Willow is one of the easiest tree species to root in water or in soil. You should have no problem. - Millet
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Old August 24th, 2008, 06:14 AM
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Laaz Laaz is offline
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Re: Can an esrog be planted outside in Montreal, Quebec?

As Ron B stated, Citrons are the most tender of all citrus and do not do well much below 40 F. A hard freeze will kill them off.
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Old August 24th, 2008, 03:47 PM
MorahSharon MorahSharon is offline
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Re: Can an esrog be planted outside in Montreal, Quebec?

I've resigned myself to the fact that it will be indoors b/c I have no sunlight. My friend will try and if it doesn't work in her house I might try asking someone like the Laval Nature Center if they want to add it to their collection.
Thanks for all the advice. I might have killed it otherwise.
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Old August 24th, 2008, 08:40 PM
skeeterbug skeeterbug is offline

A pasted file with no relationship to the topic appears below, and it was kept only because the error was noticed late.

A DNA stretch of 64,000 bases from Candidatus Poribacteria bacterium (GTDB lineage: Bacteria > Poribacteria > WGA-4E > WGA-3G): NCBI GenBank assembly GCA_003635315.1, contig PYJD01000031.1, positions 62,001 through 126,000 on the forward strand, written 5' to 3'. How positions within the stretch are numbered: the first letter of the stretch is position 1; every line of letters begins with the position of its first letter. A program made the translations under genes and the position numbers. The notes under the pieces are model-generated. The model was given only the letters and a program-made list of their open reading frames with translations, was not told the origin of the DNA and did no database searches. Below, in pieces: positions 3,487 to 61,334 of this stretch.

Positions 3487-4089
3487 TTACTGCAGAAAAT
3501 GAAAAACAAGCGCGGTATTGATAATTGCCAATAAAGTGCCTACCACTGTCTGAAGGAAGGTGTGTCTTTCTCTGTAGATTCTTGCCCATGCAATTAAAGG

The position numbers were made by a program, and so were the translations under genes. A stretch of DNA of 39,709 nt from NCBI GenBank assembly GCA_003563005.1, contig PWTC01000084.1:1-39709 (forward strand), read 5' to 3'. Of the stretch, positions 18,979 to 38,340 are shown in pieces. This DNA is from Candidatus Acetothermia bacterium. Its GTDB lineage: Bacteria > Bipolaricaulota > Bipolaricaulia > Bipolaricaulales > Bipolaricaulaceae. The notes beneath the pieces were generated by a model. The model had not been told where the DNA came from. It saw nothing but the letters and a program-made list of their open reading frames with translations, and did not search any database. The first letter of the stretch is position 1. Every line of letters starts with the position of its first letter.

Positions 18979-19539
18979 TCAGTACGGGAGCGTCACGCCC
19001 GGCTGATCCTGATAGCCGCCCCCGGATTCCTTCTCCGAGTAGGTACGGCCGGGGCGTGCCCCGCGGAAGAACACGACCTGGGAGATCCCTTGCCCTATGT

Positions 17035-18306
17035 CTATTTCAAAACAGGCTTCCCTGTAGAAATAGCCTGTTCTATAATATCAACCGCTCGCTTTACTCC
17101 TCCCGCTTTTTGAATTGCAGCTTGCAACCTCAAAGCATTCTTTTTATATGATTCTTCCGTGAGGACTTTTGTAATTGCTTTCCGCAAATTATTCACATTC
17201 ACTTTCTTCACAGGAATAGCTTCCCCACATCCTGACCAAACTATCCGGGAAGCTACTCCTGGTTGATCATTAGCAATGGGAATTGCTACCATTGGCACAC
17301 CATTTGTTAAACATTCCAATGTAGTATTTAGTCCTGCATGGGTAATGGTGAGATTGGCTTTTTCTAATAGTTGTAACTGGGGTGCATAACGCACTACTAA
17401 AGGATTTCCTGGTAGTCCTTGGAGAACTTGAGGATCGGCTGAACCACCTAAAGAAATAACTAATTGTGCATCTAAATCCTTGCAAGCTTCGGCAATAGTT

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Re: Can an esrog be planted outside in Montreal, Quebec?

Citrus can be stored almost in the dark for the winter. There will be no growth during that period, but the tree will survive being stored in a basement that is very cool (50-60F) and almost without water.

You will kill them if they are exposed to sun while the roots are cold, but in near darkness in the cold they are essentially dormant.
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Old June 8th, 2010, 08:32 PM
avrohomg avrohomg is offline
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Re: Can an esrog be planted outside in Montreal, Quebec?

Hello, it's too bad I'm just getting to your post now, since 2 years have elapsed. I hope that you found a good solution for your Esrog tree, and I hope you still keep on planting them. I have good news for you. Yes, you CAN plant your Esrog outdoors in Montreal and have it survive the winter!! I planted my 5 year old esrog tree outside last June in Monsey, NY and it made it through the winter! Granted, it's not as cold as Montreal; however, I don't think the weather is that much different from here.

Here is how I did it:

Find a nice sunny spot that is protected from the North. In my case, my house is South facing, so I planted it up against the South side of my house. The wall of the house protected it from the North, which is the harshest wind. I then purchased a cheap portable greenhouse, that can be easily dismantled in the Spring. Do a Google search on Flowerhouse. The model I got was the Bloom House. This green house is NOT suitable for winter on its own, so I had to compensate a little bit by doing the following: